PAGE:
Share this post


Link to post
Share on other sites
my favorite Italian dish?

whateve's in season in the town I'm in.

you said it man! - great way to define italian food.

i dont know who said this - but your reply reminded me of it - "french cooking is about the chef, italian cooking is about the ingredients"

now that im thinking about the question, cappelletti in brodo is one dish which when properly made leaves you speechless. in a way so simple yet contains a level of taste-refinement which is hard to find in other dishes.

-che

Share this post


Link to post
Share on other sites

Well I have had the '82 Sori Tilden 3 times in the last 2 years. And I agree it is made in a modern style which includes aging in oak barrels. But some wines are so good and have such breeding that they rise above it and this is a wine that has the stuffing to do so. The Guigal LaLas are also made in a modern, okay style but, the wines can be so powerful and complex that those aspects of the wine are almost like affectations.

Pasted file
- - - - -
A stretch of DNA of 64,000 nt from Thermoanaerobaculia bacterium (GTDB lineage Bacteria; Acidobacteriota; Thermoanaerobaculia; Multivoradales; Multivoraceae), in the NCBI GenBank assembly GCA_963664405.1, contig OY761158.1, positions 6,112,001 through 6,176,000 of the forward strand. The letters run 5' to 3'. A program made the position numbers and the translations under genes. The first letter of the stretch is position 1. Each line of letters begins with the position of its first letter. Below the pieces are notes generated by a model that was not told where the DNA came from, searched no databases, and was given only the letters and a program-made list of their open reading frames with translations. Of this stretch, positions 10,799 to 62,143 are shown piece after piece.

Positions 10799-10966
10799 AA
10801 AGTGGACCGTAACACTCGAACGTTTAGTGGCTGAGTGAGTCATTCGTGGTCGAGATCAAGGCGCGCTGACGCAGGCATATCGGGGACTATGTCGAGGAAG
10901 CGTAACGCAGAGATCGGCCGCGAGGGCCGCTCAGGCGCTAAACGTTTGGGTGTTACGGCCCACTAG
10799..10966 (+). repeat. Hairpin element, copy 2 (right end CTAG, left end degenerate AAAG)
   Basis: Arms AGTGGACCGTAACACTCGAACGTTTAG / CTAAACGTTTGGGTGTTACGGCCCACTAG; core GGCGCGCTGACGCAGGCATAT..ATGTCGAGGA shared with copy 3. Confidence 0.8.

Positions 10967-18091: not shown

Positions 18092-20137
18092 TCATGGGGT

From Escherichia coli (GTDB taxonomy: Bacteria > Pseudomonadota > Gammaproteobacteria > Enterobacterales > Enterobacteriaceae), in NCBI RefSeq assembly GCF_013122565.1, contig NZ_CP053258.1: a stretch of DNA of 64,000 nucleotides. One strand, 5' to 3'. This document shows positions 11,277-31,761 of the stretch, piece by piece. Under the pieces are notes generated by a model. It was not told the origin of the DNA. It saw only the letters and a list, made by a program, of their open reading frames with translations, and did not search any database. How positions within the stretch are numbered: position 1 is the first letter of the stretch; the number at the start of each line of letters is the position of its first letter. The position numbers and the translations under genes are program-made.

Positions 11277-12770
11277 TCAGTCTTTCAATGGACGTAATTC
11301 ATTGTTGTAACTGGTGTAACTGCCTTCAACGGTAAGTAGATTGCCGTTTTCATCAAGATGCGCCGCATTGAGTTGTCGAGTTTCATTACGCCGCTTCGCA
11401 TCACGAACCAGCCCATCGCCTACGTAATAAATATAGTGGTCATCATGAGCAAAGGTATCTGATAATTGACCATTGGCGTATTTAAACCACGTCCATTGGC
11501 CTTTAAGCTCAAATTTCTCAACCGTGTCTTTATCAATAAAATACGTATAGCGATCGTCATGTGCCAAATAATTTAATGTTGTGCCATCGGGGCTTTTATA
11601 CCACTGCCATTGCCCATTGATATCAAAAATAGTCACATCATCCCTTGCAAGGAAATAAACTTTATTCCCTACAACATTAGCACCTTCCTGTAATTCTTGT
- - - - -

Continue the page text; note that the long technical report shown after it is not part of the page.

Share this post


Link to post
Share on other sites
Well I have had the '82 Sori Tilden 3 times in the last 2 years. And I agree it is made in a modern style which includes aging in oak barrels. But some wines are so good and have such breeding that they rise above it and this is a wine that has the stuffing to do so. The Guigal LaLas are also made in a modern, okay style but, the wines can be so powerful and complex that those aspects of the wine are almost like affectations.

Don't get me wrong - I LOVE the 82 Sori Tilden. I only have 4 bottles left and I am waiting a few more years before drinking them. On a very sad note the bottle that I opened lasted year was corked.

Share this post


Link to post
Share on other sites
Il Carpaccio ... with a different girl each time